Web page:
Located in a valley stretching 2km long, potters settled their workshops and shops along the street as early as the 17th century. Being actively preserved, the houses are constantly maintained and renovated, making it very interesting to visit, as if the passage of time never left a mark on Arita’s buildings.
A small plate made of porcelain is placed on some of the historical storefronts of the street, indicating their original date of construction.
And each and every storefront has a unique authentic charm to it; the shop windows are tempting and full of treasures.
Walking towards the smaller streets, parallel to the main one, you will come across the highlight of Arita: walls made of exposed bricks. Called tombai walls, these buildings were typically made from the recycled bricks of former porcelain kilns. As you look closer, you will notice that many of them are actually carbonized.
Another architectural feature not to be missed: Tozan-jinja Shrine.
You might witness its entrance by a railway, then you’ll be surprised to discover its massive torii gate entirely made of porcelain!
Built in honor of Emperor Ojin and the Korean potter Lee Sampyeon, this shrine is decorated with porcelain in all corners, from the two guardians to the lanterns, as well as many other ornaments.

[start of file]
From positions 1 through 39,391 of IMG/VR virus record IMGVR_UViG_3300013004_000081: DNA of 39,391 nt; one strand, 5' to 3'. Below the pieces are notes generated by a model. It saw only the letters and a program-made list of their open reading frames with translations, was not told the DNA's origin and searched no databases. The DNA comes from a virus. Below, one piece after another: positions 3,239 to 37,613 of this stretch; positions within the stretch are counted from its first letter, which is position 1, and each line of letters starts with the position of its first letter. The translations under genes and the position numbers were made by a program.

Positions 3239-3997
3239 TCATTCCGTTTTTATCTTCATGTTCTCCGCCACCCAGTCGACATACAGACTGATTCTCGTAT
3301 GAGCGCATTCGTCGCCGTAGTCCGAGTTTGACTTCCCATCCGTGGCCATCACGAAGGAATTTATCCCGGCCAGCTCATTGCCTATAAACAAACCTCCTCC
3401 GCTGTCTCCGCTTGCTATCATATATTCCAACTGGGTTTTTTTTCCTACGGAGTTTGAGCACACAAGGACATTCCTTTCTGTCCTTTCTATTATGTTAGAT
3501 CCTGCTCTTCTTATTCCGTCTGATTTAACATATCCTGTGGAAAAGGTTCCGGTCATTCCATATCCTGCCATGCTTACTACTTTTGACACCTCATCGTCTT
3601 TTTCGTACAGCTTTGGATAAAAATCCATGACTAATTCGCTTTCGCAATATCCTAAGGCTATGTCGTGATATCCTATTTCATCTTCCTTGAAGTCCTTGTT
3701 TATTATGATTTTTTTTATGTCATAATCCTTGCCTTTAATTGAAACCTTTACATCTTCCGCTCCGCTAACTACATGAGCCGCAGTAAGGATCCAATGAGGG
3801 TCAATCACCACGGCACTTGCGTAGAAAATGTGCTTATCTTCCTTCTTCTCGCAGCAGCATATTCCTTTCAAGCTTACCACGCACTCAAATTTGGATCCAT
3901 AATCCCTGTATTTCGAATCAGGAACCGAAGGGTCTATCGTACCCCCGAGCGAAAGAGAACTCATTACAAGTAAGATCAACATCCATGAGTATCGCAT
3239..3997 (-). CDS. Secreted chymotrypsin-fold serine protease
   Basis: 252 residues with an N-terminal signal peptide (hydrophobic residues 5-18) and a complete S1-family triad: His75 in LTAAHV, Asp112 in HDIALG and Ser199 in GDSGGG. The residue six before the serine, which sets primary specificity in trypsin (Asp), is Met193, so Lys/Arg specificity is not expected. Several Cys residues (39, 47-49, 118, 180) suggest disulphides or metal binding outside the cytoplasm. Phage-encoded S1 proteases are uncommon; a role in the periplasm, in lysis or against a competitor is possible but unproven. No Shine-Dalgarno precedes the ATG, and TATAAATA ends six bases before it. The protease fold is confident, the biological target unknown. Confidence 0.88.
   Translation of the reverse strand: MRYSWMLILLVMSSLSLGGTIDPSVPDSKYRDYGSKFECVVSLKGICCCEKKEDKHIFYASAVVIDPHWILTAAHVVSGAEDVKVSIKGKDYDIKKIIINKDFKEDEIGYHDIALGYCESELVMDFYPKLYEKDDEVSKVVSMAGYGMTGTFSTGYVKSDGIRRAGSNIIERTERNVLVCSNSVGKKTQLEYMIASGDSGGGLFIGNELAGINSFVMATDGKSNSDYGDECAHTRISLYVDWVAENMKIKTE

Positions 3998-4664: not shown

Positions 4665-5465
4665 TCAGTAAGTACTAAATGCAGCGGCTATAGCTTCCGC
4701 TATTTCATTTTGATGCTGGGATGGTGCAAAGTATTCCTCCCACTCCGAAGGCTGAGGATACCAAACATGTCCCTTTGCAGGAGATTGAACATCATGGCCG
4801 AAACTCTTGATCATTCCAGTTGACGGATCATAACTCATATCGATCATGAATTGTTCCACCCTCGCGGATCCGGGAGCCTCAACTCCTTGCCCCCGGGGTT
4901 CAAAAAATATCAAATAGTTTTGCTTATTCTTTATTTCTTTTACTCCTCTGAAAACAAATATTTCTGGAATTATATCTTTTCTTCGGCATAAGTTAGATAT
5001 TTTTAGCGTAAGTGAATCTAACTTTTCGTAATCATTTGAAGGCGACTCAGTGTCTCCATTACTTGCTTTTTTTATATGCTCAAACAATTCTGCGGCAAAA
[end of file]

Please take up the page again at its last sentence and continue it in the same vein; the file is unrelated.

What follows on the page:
Visiting this shrine allows you to climb up to observe the city view.
If you are interested in learning more about Arita’s history and the art of porcelain making, you should definitely visit one of the city’s museum/art galleries. Many families of master potters have been settled here for more than fifteen generations and continue to keep the family’s reputation alive today. One of the most renowned of them, the Kakiemon family, is famous for having created the first glazed porcelain decoration.
In their elegant museum dedicated to ancient porcelains, you can admire some of the most refined creations that the family has produced over the past 380 years. Usually closed to the public, I also had the opportunity to go to the back of the museum to discover the traditional fire kiln that can still be operated today.
To keep going with the famous names in the porcelain world, you can also visit the Imaemon Family Museum, which also introduces an impressive collection of works of art, along with a few tools that have been used by the potters of the family from one generation to generation.
Potters still in activity in Arita today, traditional fabrication techniques live on, but the influences and designs evolve more and more to best match the tastes of a younger customer base, including a few Westerners. Visiting the Shinemon shop and workshop, I could see that dynamic in effect.